8 I know many words and the images that accompany them. But I know too that Crow lives deeper and wider than what I know.
9 Diving diving diving diving. There is no bottom no top no inside or out.
10 At the sight of Crow resounding the light the layers reveal their chorded songs.
11 I walk these streets in oblivion, trying to escape the fear of the known by making up stories that rearrange my life.
12 I hear my fate turn turn turn— how many crows?
13 Always standing in the doorway like Janus—neither and both– cursed and charmed— Crow laughs—he knows I have a dream to fly.
Brendan at earthweal asks us this week to think about the nature of poetry. I first encountered Wallace Stevens and “Thirteen Ways of Looking at a Blackbird” in high school and it remains my poetic touchpoint more than 50 years later. But equally important to my connection with poetry was music–first, traditional folk music, and then the whole crop of singer-songwriters that emerged from the folk revival. I love Joni Mitchell’s “Blue”, but “Hejira” has always resonated with me most of all. The form of this poem is based on Stevens, but the spirit and italicized words are taken from Joni and from my own encounters with Crow, a master shaman.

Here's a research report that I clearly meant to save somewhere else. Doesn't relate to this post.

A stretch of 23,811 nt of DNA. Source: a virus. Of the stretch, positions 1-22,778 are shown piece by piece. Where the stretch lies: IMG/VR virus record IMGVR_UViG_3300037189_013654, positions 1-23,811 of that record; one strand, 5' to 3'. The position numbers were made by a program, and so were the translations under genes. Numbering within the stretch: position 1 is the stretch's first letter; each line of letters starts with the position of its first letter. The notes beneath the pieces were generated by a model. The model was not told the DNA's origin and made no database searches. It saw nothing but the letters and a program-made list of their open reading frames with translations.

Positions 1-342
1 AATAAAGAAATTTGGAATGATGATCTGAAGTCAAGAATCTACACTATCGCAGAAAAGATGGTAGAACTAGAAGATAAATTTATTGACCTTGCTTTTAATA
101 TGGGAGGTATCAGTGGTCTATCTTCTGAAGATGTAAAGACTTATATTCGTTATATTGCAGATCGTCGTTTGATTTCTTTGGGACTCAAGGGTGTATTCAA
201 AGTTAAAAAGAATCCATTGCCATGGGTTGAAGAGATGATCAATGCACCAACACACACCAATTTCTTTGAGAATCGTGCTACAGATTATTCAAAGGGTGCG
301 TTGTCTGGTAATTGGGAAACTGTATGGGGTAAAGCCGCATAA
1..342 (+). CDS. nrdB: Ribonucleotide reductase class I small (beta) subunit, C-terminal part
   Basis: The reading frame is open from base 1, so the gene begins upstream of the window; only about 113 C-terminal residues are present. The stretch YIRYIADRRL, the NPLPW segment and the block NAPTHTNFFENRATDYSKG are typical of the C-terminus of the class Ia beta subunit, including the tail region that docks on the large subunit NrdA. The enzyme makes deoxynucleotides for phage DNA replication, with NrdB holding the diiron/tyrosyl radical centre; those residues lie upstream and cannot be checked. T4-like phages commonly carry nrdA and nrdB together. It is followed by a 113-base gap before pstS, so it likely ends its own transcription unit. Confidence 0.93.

I have not been posting much, and will probably be mostly absent for the next month or 6 weeks–I’m moving (again). But this is good news! I will have a dedicated work space once again, and a real kitchen. I knew the last 2 moves were temporary, but I thought both moves before that would be the last one–so I’m making no predictions. But I’m planning to be there for awhile.
There is no drama in most moments, but the accumulation becomes a story. One day you wake up, or you think you wake up. But something burns—you can smell it in the air. Ashes of yesterday are falling from the sky. You thought the past was dead, but it has only rearranged itself into today, or is it already tomorrow?
And what happened yesterday anyway?
I went out to the hazel wood because a fire was in my head. I walked and walked and walked until I came to a pool of water, still and deep. I sat beside it, watching my reflection smolder, waiting for something to be revealed. The light scattered on the liquid surface held me and gave me a different life, turned me inside out.
Now I am only flames, or was that yesterday? Which side am I on?
For the dVerse Prosery prompt from Kim, some inspiration from Yeats: ‘I went out to the hazel wood, Because a fire was in my head’.
The art is from a series of constellation poems I did for Pure Haiku. Freya’s current theme is Unfurling–you can submit until February 28.
memory fails to stop enduring grief daily farewell face death alone